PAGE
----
The Tower of London (officially Her Majesty’s Royal Palace and Fortress) is a castle on the north bank of the River Thames in East London, dating to the Norman Conquest of 1066. Originally a royal residence, it has also been used as an armoury, treasury, public records office and home of the Royal Mint, but its most famous incarnation is that of prison. Prisoners were kept in the tower since around 1100, but the practice reached its peak in the 16th and 17th centuries when disgraced figures, such as the future Queen Elizabeth I and her mother Anne Boleyn, were locked within its walls. Two of its most famous inmates were the young Princes Edward and Richard, whose uncle Richard Duke of Gloucester (Richard III) removed their claim to the throne after their father Edward IV's death. Accommodated in the Tower, they disappeared around 1483 and were never seen again.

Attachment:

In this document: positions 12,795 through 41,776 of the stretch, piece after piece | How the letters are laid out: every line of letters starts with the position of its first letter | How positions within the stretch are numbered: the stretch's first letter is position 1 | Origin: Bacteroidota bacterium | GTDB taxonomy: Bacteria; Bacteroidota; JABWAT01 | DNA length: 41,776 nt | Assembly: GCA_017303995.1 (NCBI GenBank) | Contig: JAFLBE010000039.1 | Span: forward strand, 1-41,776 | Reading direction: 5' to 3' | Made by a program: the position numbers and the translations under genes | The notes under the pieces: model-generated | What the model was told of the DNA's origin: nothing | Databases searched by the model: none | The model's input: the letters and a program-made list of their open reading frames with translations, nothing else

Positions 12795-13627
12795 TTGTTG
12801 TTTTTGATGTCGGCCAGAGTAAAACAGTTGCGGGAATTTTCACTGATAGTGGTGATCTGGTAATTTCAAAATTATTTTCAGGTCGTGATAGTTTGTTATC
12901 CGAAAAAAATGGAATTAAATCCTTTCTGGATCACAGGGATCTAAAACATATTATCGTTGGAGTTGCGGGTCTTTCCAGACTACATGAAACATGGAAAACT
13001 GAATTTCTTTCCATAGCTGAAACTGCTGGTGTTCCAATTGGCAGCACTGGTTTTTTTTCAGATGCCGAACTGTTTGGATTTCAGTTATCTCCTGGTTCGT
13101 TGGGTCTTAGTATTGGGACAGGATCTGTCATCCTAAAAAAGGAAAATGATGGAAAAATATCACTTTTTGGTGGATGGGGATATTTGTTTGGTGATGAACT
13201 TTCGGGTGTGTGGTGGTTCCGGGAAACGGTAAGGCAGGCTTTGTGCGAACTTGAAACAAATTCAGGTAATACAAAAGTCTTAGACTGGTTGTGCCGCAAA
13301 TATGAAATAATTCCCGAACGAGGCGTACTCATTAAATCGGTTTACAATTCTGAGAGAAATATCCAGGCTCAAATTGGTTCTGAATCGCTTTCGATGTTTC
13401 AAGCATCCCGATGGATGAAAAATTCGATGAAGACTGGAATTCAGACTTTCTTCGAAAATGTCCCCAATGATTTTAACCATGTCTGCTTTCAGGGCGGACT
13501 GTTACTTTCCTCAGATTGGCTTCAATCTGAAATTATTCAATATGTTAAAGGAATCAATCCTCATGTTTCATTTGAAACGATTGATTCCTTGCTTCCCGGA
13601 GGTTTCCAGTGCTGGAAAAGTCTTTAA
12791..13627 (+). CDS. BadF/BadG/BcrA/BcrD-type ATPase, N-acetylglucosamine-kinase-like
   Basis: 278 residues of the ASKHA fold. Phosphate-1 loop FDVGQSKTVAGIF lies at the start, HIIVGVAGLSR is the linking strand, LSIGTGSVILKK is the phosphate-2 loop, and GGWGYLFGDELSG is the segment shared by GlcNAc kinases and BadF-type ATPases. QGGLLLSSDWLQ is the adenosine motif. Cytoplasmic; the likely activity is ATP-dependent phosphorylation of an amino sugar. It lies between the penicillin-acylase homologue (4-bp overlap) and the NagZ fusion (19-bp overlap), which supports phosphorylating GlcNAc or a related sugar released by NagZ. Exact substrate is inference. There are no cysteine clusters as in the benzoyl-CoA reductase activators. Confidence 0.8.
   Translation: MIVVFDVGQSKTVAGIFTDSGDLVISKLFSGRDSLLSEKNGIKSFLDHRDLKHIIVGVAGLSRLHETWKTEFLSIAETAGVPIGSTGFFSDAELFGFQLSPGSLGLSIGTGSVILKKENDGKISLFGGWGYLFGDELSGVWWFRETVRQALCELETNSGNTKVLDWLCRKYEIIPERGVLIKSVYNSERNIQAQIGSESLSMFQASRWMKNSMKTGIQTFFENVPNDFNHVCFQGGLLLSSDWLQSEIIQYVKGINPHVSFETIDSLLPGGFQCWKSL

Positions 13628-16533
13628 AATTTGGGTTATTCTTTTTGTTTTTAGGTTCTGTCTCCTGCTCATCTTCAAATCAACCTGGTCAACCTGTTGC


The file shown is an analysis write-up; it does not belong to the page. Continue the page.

Propagandists gave it a reputation for being a dark place of torture and death – it was a common perception that once inside the Tower, a prisoner would never be seen again – but in fact only seven people were executed there before the 20th centuries, when 12 accused spies were executed in World War II. Tower Hill, the open space to the north of the building, was used commonly for public hangings and beheadings.
The Tower of London is open to the public and one of London’s most popular attractions. A UNESCO World Heritage Site, it features exhibitions on the Tower’s history as a prison and armoury and also displays the Crown Jewels of England.